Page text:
An easy way to get kicked off a cruise is to skip the muster drill!
The muster drill is most certainly in the best interest of your cruise fare, but also that thing called your life.

Missing the cruise ship 

If you arrive late for departure time, cruise lines reserve the right to not like you back on the ship. Apparently it’s something of a cruising hobby to stand on the Lido deck and watch as people sprint to try and catch their cruise. Although, fun fact: if the ship’s captain agrees to it, late passengers can jump in a small lifeboat that will pull them up alongside the cruise ship; staff on the cruise then lower a walkway between the boats, and the latecomers can walk over. This seems intense, and more like an exception than a rule. Ships are very punctual for departure times: suck back your margaritas, pick up your souvenirs, and if your departure time is 5:00 p.m., arrive by 4:30. 

Stealing anything

In another entertaining story from Reddit, someone describes a man he knew who scaled the outside of the ship, climbed into people’s balconies, and stole from the mini-fridges. They were caught and promptly kicked off the ship. It’s the same at sea as it is on land: thou shalt not steal. 

Reckless picture posing 

In October 2019, an Instagram model traveling onboard the Royal Caribbean ship Allure of the Seas was banned for life for climbing onto the railing of her balcony to pose for a photo. She clearly didn’t read Royal Caribbean’s guest policy, which states that “sitting, standing, laying or climbing on, over or across any exterior or interior railings or other protective barriers” is not permitted. Do it for the ‘gram, but not to that extent. 

Lady looks out at sea posing for picture on cruise ship.
There’s no shame in getting that perfect photo op, just don’t go overboard for it.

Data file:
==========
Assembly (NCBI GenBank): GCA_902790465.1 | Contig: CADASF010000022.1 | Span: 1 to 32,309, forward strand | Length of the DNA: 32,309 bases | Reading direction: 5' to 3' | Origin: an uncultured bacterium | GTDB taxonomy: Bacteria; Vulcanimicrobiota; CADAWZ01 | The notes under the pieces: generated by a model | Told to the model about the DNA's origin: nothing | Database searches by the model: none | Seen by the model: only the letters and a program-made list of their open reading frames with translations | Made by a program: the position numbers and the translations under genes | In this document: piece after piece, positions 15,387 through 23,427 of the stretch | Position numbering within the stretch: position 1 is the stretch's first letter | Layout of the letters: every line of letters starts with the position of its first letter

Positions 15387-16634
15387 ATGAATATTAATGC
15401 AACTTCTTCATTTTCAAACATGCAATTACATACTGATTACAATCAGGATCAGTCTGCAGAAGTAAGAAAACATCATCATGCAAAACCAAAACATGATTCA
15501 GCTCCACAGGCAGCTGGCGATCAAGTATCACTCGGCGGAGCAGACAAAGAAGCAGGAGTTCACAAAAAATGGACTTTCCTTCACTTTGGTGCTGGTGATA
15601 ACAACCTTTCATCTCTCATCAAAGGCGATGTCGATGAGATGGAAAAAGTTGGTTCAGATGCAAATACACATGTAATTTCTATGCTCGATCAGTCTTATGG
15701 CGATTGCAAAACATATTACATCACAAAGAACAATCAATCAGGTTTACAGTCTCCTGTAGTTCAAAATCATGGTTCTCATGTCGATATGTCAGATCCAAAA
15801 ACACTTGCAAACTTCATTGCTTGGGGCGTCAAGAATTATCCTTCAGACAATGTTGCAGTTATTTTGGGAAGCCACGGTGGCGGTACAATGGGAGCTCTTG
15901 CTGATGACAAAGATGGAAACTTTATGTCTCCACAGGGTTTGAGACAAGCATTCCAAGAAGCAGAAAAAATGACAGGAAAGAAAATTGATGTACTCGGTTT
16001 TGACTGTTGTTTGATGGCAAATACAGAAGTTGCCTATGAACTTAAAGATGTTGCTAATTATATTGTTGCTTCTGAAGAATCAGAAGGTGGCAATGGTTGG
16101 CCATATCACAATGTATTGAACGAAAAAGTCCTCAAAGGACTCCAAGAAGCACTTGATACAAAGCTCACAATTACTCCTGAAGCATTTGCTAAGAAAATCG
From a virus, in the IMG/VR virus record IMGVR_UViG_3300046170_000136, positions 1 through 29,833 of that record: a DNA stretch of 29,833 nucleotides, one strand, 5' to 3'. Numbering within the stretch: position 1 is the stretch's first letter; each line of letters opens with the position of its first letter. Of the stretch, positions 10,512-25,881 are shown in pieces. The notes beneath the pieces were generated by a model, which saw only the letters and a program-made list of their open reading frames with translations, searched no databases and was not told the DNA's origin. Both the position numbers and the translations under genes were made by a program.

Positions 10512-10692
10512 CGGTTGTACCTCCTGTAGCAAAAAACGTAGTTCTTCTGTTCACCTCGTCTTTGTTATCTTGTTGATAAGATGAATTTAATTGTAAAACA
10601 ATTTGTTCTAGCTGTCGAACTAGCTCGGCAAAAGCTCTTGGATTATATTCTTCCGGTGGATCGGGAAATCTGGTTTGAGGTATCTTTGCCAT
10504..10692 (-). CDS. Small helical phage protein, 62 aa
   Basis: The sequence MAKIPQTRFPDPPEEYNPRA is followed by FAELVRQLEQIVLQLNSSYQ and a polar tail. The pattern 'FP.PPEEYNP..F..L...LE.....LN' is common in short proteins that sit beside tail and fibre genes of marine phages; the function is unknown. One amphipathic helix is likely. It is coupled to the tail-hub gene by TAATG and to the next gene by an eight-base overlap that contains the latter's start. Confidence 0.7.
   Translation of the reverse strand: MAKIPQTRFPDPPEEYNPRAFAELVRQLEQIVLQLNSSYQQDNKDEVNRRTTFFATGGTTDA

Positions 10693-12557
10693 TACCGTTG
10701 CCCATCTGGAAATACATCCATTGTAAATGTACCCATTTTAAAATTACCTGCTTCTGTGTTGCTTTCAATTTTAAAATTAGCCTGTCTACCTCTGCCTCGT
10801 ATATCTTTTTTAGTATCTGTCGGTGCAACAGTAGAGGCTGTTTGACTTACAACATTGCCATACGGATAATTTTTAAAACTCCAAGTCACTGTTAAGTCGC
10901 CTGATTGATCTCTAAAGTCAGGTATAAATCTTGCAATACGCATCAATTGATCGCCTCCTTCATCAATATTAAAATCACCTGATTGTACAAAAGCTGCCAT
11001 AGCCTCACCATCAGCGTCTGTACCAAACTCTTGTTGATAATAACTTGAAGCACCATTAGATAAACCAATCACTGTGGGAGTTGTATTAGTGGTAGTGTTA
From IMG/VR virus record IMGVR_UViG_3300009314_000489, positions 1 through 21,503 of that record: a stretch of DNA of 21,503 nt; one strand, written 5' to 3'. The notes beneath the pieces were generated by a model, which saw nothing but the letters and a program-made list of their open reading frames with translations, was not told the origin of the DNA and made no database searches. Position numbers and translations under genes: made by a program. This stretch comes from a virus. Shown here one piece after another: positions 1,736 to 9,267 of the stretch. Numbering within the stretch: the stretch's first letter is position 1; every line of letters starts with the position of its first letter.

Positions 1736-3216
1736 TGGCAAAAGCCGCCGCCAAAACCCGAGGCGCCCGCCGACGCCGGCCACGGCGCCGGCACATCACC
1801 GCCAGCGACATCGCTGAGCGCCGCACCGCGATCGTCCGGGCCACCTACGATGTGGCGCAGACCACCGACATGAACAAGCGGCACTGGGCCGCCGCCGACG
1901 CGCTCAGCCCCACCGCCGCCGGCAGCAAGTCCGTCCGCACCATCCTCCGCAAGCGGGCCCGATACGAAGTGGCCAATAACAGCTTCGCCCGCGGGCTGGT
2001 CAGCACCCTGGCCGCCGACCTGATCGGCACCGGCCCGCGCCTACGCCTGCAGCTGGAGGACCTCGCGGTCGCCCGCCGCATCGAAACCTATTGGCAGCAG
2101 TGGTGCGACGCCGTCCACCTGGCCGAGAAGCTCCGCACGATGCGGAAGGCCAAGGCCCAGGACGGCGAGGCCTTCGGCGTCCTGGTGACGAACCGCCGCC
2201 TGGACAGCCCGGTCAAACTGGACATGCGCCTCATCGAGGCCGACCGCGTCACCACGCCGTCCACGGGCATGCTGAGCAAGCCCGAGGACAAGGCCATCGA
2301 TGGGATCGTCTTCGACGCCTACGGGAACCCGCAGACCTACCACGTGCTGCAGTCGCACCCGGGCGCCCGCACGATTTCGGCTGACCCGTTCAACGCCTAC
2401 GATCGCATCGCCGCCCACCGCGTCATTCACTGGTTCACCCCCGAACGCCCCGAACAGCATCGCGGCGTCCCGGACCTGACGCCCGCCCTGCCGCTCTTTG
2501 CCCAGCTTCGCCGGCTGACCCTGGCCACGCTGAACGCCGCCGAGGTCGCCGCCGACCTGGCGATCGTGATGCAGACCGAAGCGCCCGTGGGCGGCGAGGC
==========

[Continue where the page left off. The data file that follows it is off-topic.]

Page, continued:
Abusing staff members 

If you call a crew member an “idiot” because you say you made a reservation for a show but your name isn’t on the list, or go ballistic when salon staff can’t accommodate you when you show up three hours late for a manicure, expect consequences. Cruise crew are there to protect and serve you—treat them well. 

In conclusion: be a nice, rational person, don’t be too loud in the sack, and don’t throw yourself or anything else overboard, and you should be golden. Happy cruising!

Whether you partake in alcohol on your flight or not, there'll be a day use room to rest or recharge in the city you touch down.

 

Image Credits: 

Featured image by Jonathan Leonardo via Unsplash

“Speedo Magic” by Jay Bergesen via (CC BY 2.0)

“Drinks” by JD Lasica via (CC BY 2.0)

“Muster Drill Mayhem” by kellinahandbasket via (CC BY 2.0)

“Looking back at the sea” by Ben O’Bro via Unsplash

 

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Molly Gelpke

Molly Gelpke

Molly is a writer and traveller currently based in Montreal, but who will probably be somewhere new by next month. Find her—with a coffee in one hand and a book in the other—at your local, free-WiFi-supplying café.